Tuesday, September 01, 2009


Thanks to Steve Worth and ASIFA-Hollywood we now have a first-rate book on Zim, one of the greatest cartoonists of all time. As a matter of fact, the book is BY Zim: "ZIM'S Correspondence School of Cartooning, Comic Art & Cartooning." It's a compendium of the shorter books Zim made for his mail-order art course. It comes in two thick volumes, which I've seen, and which left me much impressed.

The book is loaded with drawings. You could get a whole art education just by looking at the pictures! Steve told me I'd see a lot of my own drawing theories in there, and sure enough, I did. The dentist in the drawing above is a perfect example of techniques that I've been using for years.

Zim was a true cartoonist. In his time, in the later 19th century, caricatures were reserved for the famous. Zim was the guy who figured out that the common man was worth caricaturing.

I have no idea where Zim's broad, old, newspaper strip kind of body exaggeration (above) came from. My guess is that German cartoonist Wilhelm Busch invented it, but you see it in some old Punch drawings from the the mid-1800s, so I'm not sure. Anyway, artists like Zim took it and ran with it, making it a staple of American newspaper and magazine art.

Steve wrote some terrific biographical material for the collection. Reading about Zim's ups and downs in the magazine industry of his day reminded me of the animation industry today. There's no security in the art business because tastes change and even talented people will be shown the door when their protectors in management are dismissed or bought out. No use complaining, it's just the way of things. All you can do is make a big splash when the opportunity arises, and hope that with hard work you can write your name in history.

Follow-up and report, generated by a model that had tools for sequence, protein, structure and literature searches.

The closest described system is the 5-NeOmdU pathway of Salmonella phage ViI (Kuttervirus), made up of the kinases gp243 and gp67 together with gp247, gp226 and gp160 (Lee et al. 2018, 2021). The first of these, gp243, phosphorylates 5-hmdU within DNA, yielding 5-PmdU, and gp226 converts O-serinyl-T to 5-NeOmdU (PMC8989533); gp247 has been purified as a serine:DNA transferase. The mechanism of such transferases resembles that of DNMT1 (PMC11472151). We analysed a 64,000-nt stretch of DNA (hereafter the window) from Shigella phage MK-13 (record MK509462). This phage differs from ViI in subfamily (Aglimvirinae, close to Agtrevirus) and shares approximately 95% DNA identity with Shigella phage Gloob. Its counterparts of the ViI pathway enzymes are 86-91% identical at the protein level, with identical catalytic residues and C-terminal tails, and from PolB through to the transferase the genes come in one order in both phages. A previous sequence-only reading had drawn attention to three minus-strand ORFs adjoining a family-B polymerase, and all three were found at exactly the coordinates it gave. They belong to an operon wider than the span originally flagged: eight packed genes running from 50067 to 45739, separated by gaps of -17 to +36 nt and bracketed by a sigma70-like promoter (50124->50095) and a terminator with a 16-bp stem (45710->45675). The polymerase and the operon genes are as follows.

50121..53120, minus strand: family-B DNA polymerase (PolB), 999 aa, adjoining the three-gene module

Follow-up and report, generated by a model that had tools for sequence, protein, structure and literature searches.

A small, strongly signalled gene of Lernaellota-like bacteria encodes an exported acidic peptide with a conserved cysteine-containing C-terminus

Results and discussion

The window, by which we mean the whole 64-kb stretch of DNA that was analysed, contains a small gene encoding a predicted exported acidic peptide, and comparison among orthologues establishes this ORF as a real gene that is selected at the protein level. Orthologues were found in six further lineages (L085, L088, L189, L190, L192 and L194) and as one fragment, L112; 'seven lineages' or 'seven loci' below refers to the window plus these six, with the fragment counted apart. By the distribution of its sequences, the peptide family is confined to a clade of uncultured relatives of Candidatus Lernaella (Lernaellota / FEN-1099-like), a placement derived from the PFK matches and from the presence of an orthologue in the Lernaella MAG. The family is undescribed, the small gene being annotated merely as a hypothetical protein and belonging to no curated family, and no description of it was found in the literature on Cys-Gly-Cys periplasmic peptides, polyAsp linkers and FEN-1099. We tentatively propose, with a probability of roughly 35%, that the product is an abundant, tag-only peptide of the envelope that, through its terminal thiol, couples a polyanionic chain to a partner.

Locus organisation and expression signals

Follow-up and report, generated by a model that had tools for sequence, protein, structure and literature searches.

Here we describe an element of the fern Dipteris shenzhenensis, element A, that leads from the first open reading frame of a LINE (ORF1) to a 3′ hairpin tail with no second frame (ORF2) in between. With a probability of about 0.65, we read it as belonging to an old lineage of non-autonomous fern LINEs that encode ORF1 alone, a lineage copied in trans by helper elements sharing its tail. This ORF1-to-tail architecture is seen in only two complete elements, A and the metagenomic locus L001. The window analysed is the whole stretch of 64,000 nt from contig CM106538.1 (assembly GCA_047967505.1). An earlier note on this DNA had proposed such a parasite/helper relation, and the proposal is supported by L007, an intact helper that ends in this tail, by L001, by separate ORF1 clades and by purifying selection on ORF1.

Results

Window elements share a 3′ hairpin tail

I like Zim's practice of occasionally drawing alternative poses.

Zim was an illustrator rather than a comic strip artist, so the dawn of newspaper comics carried no benefit for him. I can see why. He liked to make his point with caricature rather than story. Steve says he used to sketch in bars and in crowds of all kinds.

Ethnic humor was one of Zim's specialties. He lived at the height of immigration from Europe when the streets were full of new arrivals who couldn't speak English, and who thought that everybody else looked stupid.

Hmmmm, I'll have to remember that open-mouthed pose on the guy above. It's deliciously ignorant!

Here's (above) how he handled my ethnicity, the Irish. Other artists like Thomas Nast made us look like apes, but Zim had a kind nature and was content to make us seem merely barbarous. Did we ever really look like that? I guess we did, but if we didn't it's still okay. It's funny.

Here's a Jewish caricature (above). The caption below it said something about Jews loving to gesture almost as much as they love to pinch pennies. Geez! Zim said stuff like that about everybody! It's amazing that he was able to walk down the street without getting whacked in the nose.

Actually the taste for immigrant humor diminished even in Zim's lifetime. It's astonishing how quickly most people adapted to the way of life here. The era of free-wheeling ethnic gags didn't last long, but it had a long-lasting energizing effect on American entertainment and literature.